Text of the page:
The Royal Air Force (RAF) has concluded its leadership of NATO’s Baltic air policing mission in Estonia, intercepting 50 Russian aircraft during the four-month deployment.
The mission, led by the UK’s 140 Expeditionary Air Wing (140 EAW), showcased the RAF’s dedication to safeguarding European airspace and reinforcing NATO’s collective defence. The deployment, named Operation Azotize, marked achievements, including the first-ever joint air intercept between NATO allies, and solidified the UK’s support for the Alliance’s security efforts.
Strong allies in the sky
Royal Air Force personnel have returned to the UK after a leadership tenure in NATO’s Baltic air policing mission, stationed at Ämari Air Base in Estonia, where they racked up more than 500 collective flight hours. The deployment was part of the Quick Reaction Alert (QRA) initiative, aimed at swiftly responding to Russian aircraft transiting near NATO airspace.
According to GlobalData’s “Estonia Defense Market 2022-2027” report, Estonia’s presence on the Eastern edge of Europe and its proximity to Ukraine makes it acutely aware of the threat from Russia. The country strongly supports NATO, and the population has expressed support for internal preparedness for potential conflict.
Deploying Typhoon fighter jets from IX(Bomber) and 1(Fighter) Squadron stationed at RAF Lossiemouth, the RAF pilots conducted joint operations alongside the German Air Force at the mission’s inception. This collaboration saw British and German Typhoons shadowing a Russian air-to-air refuelling aircraft and a transport aircraft in a joint air intercept.
In February 2022, the Russian invasion of Ukraine changed Europe’s relationship with Russia.
Defence Secretary Ben Wallace lauded the successful leadership in intercepting Russian aircraft. “The UK’s successful leadership of NATO’s air policing mission in Estonia, resulting in the interception of dozens of Russian aircraft by the RAF, sends a strong message to Putin that we stand united with our allies against any threat to our borders.”
The 140 Expeditionary Air Wing was on standby to intercept Russian aircraft that needed to adhere to international norms by not liaising with NATO-controlled regional air traffic agencies or filing flight plans. This approach ensured air traffic safety in the region by preventing potential flight safety risks.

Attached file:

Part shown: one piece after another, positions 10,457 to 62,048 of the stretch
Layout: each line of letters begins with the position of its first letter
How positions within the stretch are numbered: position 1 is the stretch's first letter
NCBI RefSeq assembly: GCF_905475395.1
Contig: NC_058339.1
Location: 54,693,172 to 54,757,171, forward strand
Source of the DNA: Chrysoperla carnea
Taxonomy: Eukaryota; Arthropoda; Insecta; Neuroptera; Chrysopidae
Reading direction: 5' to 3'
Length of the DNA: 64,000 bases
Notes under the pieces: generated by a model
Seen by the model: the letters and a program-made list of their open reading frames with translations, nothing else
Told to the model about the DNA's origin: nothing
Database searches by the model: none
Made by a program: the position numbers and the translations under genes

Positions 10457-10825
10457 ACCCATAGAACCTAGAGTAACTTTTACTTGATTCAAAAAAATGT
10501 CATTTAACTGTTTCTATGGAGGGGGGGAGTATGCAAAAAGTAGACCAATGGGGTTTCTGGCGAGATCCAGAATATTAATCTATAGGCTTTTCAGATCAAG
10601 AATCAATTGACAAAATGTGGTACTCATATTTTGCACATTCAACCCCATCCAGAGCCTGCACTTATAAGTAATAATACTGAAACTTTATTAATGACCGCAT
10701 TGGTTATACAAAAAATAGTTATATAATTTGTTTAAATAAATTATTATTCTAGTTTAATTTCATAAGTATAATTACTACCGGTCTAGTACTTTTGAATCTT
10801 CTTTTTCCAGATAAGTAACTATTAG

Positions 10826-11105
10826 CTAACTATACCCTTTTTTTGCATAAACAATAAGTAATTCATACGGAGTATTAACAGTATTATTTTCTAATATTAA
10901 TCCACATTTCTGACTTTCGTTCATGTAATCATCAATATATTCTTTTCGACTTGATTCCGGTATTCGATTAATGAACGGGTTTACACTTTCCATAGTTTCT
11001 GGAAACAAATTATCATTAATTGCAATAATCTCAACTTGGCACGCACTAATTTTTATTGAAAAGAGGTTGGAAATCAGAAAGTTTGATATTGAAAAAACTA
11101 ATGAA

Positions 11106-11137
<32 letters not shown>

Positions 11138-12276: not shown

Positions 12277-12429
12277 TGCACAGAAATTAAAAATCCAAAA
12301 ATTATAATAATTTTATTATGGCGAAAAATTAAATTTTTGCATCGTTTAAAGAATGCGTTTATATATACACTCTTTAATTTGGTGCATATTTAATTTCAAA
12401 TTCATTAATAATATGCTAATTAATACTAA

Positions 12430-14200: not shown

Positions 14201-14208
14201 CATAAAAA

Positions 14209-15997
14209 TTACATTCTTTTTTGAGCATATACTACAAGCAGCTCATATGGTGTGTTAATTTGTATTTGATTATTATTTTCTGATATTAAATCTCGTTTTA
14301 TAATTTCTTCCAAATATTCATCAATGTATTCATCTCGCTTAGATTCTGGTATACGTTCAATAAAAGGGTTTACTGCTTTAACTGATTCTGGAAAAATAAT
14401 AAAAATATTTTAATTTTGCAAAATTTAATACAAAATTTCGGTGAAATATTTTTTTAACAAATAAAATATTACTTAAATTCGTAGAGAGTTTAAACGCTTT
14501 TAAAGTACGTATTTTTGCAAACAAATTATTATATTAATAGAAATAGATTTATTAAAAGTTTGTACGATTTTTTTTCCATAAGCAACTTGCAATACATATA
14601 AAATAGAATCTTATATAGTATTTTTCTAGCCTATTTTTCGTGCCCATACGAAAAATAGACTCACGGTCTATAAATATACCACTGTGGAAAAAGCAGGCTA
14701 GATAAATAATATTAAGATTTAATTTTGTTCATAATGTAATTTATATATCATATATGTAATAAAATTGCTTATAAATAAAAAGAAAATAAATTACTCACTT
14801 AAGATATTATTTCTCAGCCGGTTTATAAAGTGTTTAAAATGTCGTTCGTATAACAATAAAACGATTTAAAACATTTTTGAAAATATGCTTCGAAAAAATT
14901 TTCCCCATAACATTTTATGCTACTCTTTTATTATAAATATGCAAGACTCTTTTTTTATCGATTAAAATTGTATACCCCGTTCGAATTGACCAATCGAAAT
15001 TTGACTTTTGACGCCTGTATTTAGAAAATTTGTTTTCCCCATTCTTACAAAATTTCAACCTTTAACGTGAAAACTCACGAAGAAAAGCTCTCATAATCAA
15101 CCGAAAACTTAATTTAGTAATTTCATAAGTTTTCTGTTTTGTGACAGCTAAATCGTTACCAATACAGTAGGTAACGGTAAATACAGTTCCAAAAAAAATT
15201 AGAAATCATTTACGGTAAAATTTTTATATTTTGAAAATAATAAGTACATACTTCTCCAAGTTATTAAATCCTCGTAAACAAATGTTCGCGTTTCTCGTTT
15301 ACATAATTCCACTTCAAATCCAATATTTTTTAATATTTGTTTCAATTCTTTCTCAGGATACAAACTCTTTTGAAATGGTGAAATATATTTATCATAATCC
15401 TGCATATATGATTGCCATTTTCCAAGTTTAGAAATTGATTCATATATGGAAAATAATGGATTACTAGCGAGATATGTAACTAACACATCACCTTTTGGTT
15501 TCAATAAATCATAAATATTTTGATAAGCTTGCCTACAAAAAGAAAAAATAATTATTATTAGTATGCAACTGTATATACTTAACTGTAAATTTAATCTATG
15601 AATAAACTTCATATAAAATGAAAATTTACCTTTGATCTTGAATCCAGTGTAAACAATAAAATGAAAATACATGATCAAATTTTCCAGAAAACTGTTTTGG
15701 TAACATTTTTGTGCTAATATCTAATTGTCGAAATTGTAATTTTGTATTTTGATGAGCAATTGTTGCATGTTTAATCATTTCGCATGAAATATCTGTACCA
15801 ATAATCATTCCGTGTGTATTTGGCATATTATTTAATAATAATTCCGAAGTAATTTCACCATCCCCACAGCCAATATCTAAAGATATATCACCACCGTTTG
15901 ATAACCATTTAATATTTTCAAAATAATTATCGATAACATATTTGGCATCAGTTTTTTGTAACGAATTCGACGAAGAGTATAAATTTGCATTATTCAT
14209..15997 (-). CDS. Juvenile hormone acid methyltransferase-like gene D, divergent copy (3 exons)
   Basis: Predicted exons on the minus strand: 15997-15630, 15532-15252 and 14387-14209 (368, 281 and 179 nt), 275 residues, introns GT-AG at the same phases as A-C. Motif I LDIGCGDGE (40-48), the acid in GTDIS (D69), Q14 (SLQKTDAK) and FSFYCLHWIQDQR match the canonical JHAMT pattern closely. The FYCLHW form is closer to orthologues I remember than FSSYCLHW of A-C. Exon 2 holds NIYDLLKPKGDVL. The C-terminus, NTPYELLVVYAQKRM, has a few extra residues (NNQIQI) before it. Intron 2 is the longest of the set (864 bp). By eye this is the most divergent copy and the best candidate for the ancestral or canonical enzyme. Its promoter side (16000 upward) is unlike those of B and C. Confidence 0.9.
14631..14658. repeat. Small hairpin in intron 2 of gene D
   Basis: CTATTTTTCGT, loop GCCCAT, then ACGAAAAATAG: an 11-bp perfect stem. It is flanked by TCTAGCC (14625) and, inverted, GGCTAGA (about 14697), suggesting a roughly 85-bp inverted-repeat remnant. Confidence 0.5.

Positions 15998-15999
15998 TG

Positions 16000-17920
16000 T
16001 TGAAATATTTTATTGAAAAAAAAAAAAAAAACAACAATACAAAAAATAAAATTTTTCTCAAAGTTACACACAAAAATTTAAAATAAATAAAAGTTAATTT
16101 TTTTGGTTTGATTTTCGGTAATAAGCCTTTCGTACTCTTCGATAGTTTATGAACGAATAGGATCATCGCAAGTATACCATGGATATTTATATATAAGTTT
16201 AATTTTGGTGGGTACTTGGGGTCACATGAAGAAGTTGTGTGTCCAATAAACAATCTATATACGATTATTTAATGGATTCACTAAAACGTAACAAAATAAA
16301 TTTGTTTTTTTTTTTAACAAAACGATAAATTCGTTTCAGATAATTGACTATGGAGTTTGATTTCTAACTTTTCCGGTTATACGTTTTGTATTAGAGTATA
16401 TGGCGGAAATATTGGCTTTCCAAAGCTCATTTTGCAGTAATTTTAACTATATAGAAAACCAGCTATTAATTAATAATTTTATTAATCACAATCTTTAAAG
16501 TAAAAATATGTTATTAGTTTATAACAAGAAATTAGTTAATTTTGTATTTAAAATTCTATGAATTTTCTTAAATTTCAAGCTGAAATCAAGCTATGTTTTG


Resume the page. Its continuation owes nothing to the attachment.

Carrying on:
Under the command of the 140 EAW, RAF Typhoons conducted routine QRA intercepts, including a particularly active 21-day period during which they intercepted Russian fighters, long-range bombers, and reconnaissance aircraft a total of 21 times. During the RAF’s time in the Baltic, RAF Typhoons also employed agile combat in the Arctic Circle.
The RAF’s operational effectiveness was further enhanced through coordination with the Portuguese and Romanian Air Forces, who led NATO’s air policing mission in Lithuania.
While stationed in Estonia, the RAF actively participated in major exercises, including Exercise Air Defender, involving over 250 aircraft and 10,000 personnel from 25 nations.
The RAF also engaged in joint training exercises with Finland and Sweden, solidifying the unity and strength of the Alliance. The leadership of the air policing mission was formally handed over to the Spanish Air Force, symbolising the ongoing commitment to NATO’s collective defence strategy.
Air Marshal Harv Smyth emphasised the RAF’s unwavering commitment to NATO’s collective defence, “The RAF is committed to its role within NATO of collective defence, to ensure the strength and unity of the alliance and to deter and defend against threats to NATO security.”
The conclusion of the NATO Baltic Air Policing mission shows the UK’s dedication to its defence commitments. As more than 1,000 British soldiers remain stationed at Tapa Army Base under Operation Cabrit, the UK’s contribution to NATO’s enhanced Forward Presence solidifies its stance along its eastern border with Russia.